As importantly, however, is that it is belief in business as a legitimate vehicle for change. This takes some faith, he accepts. With inequality on the rise and the environment in freefall, the world is not in good shape, a reality for which profit-hungry corporations are not without blame.
Yet, Beltman is a born-again believer that the opposite can be true. In terms of resources, innovation and knowhow, businesses are uniquely placed to make a difference, he maintains.
Plus, they have an incentive to do so. Smart people want to work for impactful companies, he argues, and customers want to buy from them. Six year olds get that, he says; it’s the over-sixties who seem to struggle.
His wish for tomorrow’s cohort of CEOs: “To have the feeling that the company is an enabler of the world we would like to see.”
Tony’s Chocolonely’s steady growth under Beltman’s leadership has taught him two other profound lessons about leadership.
The first is a willingness to go against the flow. Take the boldness of the brand’s communications. Like many challenger firms, this ethical Dutch chocolate brand wears its values on its sleeve, from calling out racism to denouncing deforestation.
But it’s about injustices in its own industry where it shouts the loudest. Ghana and the Ivory Coast recently introduced a mandatory living income, for instance, set at $2.10 and $2.20 per kilo. The response of Tony’s Chocolonely? Great, but let’s not get “too patty on the backy”: farmers still can’t live on it.
Laying down the gauntlet or raising the bar is another tactic. Beltman is currently spearheading a petition calling for “Big Choco” to be held legally accountable for human rights abuses in their supply chains. The online petition has more than 62,000 signatories and climbing.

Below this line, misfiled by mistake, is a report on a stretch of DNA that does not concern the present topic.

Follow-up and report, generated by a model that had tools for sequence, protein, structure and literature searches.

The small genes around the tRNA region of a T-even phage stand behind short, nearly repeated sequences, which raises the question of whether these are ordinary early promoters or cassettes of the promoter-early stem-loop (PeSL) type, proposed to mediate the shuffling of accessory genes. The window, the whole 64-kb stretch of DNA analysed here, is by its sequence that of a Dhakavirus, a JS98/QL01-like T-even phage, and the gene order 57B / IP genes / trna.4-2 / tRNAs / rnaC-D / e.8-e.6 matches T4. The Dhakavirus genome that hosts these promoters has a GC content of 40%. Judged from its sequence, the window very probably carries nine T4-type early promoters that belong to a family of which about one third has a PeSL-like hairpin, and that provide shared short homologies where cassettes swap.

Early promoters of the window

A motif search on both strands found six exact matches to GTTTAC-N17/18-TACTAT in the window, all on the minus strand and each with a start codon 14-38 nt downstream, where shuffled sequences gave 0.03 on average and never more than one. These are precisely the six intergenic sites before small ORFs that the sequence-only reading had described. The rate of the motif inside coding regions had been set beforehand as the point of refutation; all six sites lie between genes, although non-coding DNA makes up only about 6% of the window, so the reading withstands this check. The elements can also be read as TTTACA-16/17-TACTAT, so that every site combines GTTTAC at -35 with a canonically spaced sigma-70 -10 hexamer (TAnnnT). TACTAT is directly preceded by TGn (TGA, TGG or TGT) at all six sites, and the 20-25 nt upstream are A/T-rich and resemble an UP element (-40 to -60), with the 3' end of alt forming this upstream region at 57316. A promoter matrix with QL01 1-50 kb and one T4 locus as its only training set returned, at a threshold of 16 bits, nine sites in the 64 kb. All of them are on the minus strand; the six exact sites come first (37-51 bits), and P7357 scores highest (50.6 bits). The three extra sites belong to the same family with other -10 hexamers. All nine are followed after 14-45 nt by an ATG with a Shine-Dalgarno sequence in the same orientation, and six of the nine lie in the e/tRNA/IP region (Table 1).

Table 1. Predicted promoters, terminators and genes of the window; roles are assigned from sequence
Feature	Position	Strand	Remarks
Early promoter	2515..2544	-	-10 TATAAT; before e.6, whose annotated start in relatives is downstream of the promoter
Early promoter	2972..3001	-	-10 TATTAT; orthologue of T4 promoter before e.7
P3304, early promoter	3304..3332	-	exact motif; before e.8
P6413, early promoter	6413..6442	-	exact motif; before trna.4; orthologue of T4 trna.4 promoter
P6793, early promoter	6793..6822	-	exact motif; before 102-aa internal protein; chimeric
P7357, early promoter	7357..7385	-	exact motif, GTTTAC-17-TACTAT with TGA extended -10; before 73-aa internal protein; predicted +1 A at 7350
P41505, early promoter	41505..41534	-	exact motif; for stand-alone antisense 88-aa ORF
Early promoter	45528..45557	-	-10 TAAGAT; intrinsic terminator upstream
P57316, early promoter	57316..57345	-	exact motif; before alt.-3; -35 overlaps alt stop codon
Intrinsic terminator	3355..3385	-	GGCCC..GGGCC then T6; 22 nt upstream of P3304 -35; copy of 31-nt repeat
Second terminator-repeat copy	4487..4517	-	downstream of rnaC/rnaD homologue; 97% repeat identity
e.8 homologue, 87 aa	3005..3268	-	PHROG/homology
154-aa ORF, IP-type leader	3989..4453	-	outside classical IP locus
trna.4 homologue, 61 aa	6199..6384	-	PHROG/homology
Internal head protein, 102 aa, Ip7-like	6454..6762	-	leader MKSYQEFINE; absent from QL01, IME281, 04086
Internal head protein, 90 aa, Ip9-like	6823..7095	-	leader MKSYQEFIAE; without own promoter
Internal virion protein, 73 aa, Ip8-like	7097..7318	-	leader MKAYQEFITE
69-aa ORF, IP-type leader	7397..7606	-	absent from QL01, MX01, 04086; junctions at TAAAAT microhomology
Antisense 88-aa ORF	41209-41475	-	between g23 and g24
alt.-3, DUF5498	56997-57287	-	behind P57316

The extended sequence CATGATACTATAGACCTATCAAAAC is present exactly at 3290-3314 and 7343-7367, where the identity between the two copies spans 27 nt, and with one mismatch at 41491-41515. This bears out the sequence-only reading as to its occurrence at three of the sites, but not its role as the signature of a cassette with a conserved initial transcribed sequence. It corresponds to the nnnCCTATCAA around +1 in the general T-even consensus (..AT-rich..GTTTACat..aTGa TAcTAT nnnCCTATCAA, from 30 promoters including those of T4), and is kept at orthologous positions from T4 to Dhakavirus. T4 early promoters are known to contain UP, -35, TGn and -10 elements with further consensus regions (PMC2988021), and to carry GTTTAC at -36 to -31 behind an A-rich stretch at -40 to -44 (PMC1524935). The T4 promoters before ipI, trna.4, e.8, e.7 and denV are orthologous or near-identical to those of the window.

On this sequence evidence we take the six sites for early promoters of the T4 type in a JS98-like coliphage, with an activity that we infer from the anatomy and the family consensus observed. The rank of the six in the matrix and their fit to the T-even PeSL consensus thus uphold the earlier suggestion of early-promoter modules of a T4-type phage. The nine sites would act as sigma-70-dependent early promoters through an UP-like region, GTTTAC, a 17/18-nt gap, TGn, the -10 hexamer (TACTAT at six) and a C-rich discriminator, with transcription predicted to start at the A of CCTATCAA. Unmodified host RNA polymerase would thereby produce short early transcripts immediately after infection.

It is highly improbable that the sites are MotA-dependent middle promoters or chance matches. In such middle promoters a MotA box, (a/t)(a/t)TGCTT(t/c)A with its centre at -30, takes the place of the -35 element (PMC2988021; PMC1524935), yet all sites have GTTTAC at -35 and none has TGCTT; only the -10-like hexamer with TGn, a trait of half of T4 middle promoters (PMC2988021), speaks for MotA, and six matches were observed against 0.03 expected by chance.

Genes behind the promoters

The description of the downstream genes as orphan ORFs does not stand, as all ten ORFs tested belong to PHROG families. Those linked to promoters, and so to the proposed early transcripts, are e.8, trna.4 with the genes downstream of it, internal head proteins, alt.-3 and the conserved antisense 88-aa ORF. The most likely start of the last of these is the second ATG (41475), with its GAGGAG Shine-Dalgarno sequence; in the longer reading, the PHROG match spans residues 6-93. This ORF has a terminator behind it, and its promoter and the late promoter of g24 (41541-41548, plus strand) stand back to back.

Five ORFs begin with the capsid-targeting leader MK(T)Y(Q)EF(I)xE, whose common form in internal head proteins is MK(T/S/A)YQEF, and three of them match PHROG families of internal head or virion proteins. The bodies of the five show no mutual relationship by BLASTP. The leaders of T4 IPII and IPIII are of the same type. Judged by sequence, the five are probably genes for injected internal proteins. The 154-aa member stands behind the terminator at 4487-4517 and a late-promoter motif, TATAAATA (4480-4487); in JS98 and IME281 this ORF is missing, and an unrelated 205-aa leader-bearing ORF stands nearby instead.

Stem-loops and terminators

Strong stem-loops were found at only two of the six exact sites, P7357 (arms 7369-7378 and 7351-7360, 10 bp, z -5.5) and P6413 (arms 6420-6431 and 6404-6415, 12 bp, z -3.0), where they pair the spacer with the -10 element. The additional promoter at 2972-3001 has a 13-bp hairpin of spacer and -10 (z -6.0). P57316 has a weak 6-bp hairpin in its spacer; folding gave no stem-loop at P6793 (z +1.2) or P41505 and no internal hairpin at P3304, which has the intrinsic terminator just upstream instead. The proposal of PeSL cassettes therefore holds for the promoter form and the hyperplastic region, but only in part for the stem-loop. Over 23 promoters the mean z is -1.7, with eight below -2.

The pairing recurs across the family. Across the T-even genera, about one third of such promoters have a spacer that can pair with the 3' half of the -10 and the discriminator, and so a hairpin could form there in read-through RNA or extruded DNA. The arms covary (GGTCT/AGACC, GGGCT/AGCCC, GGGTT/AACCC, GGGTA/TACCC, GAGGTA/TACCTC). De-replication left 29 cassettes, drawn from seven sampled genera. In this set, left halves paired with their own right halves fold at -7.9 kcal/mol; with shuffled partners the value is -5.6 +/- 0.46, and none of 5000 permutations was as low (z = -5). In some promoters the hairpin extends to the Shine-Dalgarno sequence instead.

Provocative as ever, Beltman expresses an intense dislike for the in-vogue descriptor “social enterprise”. As he reasons: “We’re an enterprise. And all other companies are anti-social enterprises. So, don’t put us in a niche. We are normal. They are wrong.”
Unlike many ethical brands, however, Beltman isn’t above mixing with the big boys when he must. At the firm’s outset back in 2005, for instance, Tony’s Chocolonely opted to partner with the giant Swiss cocoa processor Barry Callebaut. The rationale was to show that its own strict sourcing principles, including long-term contracts and fair prices, could apply just as easily to a huge multinational.
The relationship hasn’t been without its challenges. Allegations of abuses in Barry Callebaut’s supply chain recently saw Tony’s Chocolonely removed from a widely referenced list of ethical chocolate factories.
The experience bears out Beltman’s second lesson in leadership: openness and honesty. The whys and wherefores of the firm’s tie-in with Barry Callebaut have never been hidden; they’re on the brand’s website for all to see. So too are conditions in the seven West African co-operatives from which Tony’s Chocolonely sources its cocoa beans.
For example, want to know how many children have been found working illegally in its supply chain? Just go to its annual audited report and you can find out; the answer, incidentally, is 387 of which 221 have been “remediated”.
Transparency is easy when you have a good story to tell. The tough part is admitting your mistakes, Beltman concedes. But no one is perfect. If a CEO makes bad decisions, but with the right intentions, then people “get that”, he says. “That is what normal people do at home, it’s what they do in the pub, but no one does it at work.”
The idea that a CEO needs to leave their private values at the office door is anathema to Beltman. His merging of the personal and the professional, the ethical and the economic, is proof that a more authentic, more humane and altogether more delectable model of leadership is possible.